No one doubts that ovarian cancer is a devastating diagnosis, often found when the disease is at an advanced stage. Tests to look for the disease, such as the transvaginal ultrasound or the CA-125 blood test, are not specific enough. That leads to false positive tests that necessitate more studies that may not be beneficial to patients.
A recent anecdote on this blog talked about how the CA-125 blood test turned into a $50,000 ordeal.
But if you also read the ensuing comments, plenty of people are not persuaded and would ask for ovarian cancer screening anyways.
And many doctors think along the same lines, despite the fact that no professional medical organization, including the USPSTF and the American Congress of Obstetricians and Gynecologists, recommends screening for ovarian cancer.
According to a study from the Annals of Internal Medicine, primary care doctors responded to several ovarian cancer screening vignettes:
Some 28.5% of the 1,088 primary-care docs — OB/GYNs, family physicians and general internists — surveyed said they “sometimes” or “almost always” offered or ordered ovarian-cancer screening tests for low-risk women. When the vignette involved a woman at medium risk of the disease, that proportion jumped to 65.4% of physicians.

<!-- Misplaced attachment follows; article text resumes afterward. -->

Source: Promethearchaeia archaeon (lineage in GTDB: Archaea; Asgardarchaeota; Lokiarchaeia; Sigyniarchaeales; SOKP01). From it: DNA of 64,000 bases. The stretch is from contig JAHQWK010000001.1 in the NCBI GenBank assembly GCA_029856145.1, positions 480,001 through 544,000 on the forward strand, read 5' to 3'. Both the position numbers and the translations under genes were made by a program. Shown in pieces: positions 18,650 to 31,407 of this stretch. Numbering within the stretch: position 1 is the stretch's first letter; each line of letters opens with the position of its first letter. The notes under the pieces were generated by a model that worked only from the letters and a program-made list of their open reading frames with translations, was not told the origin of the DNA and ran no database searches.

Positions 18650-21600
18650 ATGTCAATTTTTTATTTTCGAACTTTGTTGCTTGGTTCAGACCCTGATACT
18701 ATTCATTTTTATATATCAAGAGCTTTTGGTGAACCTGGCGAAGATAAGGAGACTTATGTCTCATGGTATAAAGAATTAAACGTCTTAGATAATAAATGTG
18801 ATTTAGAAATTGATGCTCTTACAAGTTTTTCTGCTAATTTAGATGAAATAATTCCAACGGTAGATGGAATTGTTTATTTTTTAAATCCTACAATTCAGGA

What’s more interesting is when the doctor is faced with a patient who specifically asked to be screened:
The study also found that physicians were more likely to say they’d order screening for patients who requested it — even if the doctor herself didn’t believe screening was effective.
Why? According to the authors, “physicians may be trying to maintain a relationship with the patient, or they ‘may lack confidence in explaining why the test is more harmful than beneficial.'”
Another reason would be the fear of malpractice. If a doctor didn’t screen for ovarian cancer and missed the disease, that’s almost a certain malpractice lawsuit. Ask Daniel Merenstein, who was sued in such a scenario involving prostate cancer screening.
Immunizing doctors who adhere to evidence-based practice guidelines from lawsuits makes sense in these cases. Nobody recommends ovarian cancer screening, and doctors who miss such cancers shouldn’t be penalized for following established practice guidelines.
Another approach is to discuss the pros and cons of ovarian cancer screening with patients. Make them understand what the current guidelines are, explain the limits of testing, and anticipate the potential need for future, more invasive, studies. If patients still want to go down that path, then order the test, documenting that it was a shared decision between doctor and patient.
With malpractice reform unlikely to happen anytime soon, it’s the latter approach I recommend when it comes to ovarian cancer screening.